Andrea Stuart’s “Blood” | The Guardian

My fascination with my family history was ignited by my Barbadian uncle, Trevor Ashby, a brown-skinned man with a perfectly topiaried afro, who was an executive with Coca-Cola on the island of Barbados.

In my early teens, he began telling me stories of his and my mother’s plantation childhood. Fascinated by his anecdotes, I started searching archives all over the world for details of my ancestors’ births, deaths and marriages. My parents were interested but knew little. Undeterred, I badgered relatives I barely knew for information.

The story that emerged was almost four centuries old and replete with drama, tragedy and grief: the story of Atlantic slavery in microcosm.

In the late 1630s, my oldest identifiable ancestor, a young blacksmith called George Ashby, set sail from England to Barbados in search of a better life. The journey was difficult and dangerous; arrival no less so. Barbados was a wild land populated by a handful of unfettered young men with little to lose. Travelling across this small island meant hacking pathways through dense foliage in scorching heat, assailed by unfamiliar wildlife and bereft of familiar comforts. Life as a planter was exhausting and the crops he had hoped would make him rich – indigo, tobacco, cotton – barely allowed him to scrape a living.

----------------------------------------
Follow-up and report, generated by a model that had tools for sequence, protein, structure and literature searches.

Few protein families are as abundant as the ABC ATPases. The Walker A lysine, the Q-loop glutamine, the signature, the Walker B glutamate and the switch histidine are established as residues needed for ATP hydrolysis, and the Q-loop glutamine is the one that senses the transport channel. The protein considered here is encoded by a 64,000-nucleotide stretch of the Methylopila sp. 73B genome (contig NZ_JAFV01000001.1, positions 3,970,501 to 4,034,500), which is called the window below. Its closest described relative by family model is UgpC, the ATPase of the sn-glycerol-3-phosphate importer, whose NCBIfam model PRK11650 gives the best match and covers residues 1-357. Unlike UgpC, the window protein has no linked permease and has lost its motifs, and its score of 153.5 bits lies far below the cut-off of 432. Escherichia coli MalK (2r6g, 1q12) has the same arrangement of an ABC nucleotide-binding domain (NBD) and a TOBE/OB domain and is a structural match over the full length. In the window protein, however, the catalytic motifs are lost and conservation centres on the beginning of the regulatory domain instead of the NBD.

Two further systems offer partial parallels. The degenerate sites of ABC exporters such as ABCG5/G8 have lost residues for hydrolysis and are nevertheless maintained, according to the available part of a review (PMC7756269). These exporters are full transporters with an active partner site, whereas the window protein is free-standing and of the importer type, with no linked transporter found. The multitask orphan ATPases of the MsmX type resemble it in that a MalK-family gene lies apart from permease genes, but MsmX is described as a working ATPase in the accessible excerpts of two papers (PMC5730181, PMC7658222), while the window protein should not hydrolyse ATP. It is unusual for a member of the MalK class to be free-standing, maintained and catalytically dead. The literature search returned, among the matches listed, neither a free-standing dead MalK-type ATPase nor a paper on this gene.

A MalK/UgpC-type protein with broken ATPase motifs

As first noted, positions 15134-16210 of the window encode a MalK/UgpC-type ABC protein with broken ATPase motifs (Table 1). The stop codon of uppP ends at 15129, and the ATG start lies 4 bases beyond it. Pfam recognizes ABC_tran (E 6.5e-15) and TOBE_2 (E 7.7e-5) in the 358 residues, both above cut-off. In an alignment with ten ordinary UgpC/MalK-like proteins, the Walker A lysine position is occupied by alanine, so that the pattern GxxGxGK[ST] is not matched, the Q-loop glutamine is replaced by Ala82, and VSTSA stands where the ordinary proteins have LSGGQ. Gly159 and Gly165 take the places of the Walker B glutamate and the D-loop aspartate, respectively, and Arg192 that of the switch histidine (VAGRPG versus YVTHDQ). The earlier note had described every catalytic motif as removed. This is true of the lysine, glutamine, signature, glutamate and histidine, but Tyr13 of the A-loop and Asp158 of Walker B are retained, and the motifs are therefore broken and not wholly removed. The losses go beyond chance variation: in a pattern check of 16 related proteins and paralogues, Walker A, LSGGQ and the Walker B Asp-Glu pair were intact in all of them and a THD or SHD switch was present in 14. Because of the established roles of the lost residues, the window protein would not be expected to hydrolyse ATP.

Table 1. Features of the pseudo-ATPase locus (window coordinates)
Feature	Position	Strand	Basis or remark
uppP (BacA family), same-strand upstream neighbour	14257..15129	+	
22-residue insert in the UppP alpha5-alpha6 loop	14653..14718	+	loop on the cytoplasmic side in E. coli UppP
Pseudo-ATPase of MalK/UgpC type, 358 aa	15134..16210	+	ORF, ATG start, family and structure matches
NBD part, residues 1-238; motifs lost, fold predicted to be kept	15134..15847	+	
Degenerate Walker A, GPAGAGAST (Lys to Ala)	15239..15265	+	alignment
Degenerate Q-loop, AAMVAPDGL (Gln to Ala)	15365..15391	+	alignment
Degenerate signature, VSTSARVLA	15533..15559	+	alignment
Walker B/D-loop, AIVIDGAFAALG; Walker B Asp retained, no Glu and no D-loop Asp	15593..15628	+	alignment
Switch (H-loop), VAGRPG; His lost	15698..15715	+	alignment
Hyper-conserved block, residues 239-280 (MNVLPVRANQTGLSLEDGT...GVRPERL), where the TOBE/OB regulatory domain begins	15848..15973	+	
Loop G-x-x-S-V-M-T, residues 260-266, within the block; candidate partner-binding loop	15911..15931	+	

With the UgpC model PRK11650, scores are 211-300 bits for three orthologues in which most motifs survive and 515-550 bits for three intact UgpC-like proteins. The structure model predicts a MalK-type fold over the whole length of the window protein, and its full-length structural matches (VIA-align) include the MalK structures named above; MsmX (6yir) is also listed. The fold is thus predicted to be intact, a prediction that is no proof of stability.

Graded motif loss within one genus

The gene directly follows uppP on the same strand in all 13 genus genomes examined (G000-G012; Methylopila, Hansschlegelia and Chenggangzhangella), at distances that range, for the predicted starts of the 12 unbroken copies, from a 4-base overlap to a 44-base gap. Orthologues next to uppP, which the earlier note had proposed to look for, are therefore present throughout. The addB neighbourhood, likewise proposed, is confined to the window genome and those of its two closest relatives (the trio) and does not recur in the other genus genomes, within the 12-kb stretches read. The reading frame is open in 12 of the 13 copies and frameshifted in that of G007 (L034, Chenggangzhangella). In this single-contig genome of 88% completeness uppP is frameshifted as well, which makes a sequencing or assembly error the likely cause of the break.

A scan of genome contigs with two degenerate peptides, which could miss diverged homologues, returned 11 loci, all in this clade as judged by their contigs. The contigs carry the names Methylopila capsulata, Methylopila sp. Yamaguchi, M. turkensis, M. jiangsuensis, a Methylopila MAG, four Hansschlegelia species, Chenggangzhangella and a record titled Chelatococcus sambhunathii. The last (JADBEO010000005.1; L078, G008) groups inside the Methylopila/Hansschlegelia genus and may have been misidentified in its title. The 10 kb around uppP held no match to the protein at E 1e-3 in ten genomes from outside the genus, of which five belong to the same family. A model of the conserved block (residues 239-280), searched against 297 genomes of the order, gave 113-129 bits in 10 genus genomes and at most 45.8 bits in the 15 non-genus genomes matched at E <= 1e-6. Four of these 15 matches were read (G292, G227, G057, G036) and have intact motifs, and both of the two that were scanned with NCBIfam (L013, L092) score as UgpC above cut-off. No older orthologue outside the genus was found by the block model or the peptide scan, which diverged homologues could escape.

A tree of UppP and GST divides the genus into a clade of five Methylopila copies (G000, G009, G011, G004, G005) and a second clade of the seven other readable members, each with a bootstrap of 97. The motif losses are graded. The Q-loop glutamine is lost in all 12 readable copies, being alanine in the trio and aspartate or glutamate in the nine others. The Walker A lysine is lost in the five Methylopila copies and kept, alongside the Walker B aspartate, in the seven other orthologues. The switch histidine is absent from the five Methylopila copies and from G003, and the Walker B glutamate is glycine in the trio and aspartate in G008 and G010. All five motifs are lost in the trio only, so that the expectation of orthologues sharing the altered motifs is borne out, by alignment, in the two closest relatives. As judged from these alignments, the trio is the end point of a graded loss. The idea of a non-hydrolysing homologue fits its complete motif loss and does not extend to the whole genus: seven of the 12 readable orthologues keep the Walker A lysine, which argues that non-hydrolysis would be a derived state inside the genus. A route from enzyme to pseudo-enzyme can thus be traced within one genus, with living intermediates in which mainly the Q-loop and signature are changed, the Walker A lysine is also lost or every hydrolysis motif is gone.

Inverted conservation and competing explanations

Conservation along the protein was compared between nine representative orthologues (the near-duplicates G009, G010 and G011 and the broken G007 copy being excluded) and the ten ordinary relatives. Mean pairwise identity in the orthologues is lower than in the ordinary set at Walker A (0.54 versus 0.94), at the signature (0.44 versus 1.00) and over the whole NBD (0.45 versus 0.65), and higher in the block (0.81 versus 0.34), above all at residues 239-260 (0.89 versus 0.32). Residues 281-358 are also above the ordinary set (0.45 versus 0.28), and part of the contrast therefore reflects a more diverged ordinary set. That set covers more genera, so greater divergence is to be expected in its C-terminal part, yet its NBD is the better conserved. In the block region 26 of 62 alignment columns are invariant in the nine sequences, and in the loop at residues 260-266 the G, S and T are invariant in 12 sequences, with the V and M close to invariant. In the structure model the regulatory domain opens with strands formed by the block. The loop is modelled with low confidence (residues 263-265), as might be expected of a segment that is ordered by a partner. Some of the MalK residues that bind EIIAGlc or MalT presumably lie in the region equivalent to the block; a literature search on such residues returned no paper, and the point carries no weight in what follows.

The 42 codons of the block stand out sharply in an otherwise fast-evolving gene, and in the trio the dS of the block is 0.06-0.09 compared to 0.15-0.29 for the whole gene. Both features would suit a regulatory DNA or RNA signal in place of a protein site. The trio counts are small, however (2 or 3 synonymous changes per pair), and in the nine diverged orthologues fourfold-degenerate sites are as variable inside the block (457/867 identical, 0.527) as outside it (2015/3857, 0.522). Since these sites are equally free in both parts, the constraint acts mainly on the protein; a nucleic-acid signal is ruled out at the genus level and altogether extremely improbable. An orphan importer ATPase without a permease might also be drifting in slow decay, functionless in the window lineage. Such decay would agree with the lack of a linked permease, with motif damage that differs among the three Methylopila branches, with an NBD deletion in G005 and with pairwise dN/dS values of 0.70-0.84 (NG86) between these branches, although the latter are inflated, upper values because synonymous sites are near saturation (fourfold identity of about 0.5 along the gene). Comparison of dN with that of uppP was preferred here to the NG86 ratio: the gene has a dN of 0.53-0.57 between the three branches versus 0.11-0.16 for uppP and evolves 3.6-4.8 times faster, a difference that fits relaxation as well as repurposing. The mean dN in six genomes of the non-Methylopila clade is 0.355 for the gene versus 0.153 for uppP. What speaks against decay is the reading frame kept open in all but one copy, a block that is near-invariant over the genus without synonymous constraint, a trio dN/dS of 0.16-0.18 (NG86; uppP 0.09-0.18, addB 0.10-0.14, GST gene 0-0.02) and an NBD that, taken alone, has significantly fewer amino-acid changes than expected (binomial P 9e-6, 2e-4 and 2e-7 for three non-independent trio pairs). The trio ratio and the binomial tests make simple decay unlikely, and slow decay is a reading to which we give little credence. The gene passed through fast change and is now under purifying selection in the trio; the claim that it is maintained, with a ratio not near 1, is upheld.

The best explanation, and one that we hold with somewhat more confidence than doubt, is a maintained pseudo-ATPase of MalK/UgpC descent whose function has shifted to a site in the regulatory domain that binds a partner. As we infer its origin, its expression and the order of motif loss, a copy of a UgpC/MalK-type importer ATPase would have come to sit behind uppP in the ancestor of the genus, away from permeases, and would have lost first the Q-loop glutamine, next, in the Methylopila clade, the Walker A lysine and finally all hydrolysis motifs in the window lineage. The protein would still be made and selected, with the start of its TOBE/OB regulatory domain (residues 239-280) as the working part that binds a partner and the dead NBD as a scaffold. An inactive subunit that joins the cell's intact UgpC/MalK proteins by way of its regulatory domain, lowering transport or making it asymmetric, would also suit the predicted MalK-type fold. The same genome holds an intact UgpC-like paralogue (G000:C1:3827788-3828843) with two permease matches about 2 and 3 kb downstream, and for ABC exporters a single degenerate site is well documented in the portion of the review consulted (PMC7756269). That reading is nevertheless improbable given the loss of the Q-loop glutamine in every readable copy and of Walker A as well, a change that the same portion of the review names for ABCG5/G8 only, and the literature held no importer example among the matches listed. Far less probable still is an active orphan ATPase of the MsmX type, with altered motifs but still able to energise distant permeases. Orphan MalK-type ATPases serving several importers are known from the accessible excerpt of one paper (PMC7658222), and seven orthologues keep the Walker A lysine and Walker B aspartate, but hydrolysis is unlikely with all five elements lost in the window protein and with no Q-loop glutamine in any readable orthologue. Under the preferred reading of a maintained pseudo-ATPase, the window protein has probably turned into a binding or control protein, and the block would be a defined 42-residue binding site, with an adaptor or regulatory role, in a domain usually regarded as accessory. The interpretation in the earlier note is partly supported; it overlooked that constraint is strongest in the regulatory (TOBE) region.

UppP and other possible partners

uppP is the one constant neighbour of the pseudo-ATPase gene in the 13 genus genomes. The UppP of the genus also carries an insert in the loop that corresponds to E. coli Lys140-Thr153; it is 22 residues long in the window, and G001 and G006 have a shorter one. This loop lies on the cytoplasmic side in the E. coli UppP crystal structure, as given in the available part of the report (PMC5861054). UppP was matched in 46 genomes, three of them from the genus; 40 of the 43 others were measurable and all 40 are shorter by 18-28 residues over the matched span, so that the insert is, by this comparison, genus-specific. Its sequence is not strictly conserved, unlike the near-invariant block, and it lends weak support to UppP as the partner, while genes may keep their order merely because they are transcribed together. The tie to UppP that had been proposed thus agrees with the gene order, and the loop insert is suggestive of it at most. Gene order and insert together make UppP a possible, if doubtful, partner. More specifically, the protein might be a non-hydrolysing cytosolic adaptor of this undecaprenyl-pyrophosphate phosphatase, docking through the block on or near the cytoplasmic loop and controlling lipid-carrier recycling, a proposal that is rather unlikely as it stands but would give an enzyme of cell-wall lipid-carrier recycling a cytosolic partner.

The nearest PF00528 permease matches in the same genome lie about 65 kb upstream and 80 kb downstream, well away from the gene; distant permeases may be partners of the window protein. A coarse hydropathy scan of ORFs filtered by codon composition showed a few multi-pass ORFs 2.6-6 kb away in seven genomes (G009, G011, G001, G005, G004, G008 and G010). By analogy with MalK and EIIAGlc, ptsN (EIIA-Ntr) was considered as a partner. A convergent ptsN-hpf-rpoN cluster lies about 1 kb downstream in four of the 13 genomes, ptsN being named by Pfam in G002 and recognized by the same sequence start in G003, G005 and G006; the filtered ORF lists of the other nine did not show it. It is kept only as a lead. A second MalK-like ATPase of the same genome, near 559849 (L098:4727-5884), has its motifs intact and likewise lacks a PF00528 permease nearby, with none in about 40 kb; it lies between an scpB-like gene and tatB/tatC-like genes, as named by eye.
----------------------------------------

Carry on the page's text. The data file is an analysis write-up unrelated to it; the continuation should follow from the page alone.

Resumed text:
But then he and his contemporaries turned to sugar, and their life was transformed. A few centuries before, sugar had erupted in popularity, becoming known as “white gold”. To meet demand, planters like George Ashby sought more cost-effective means of production, and replaced their indentured white servants with a more oppressed workforce: African slaves. The horrors these captives endured on their journey to the Americas – my African ancestors…

Read the complete article A bitter-sweet heritage | Life and style | The Guardian.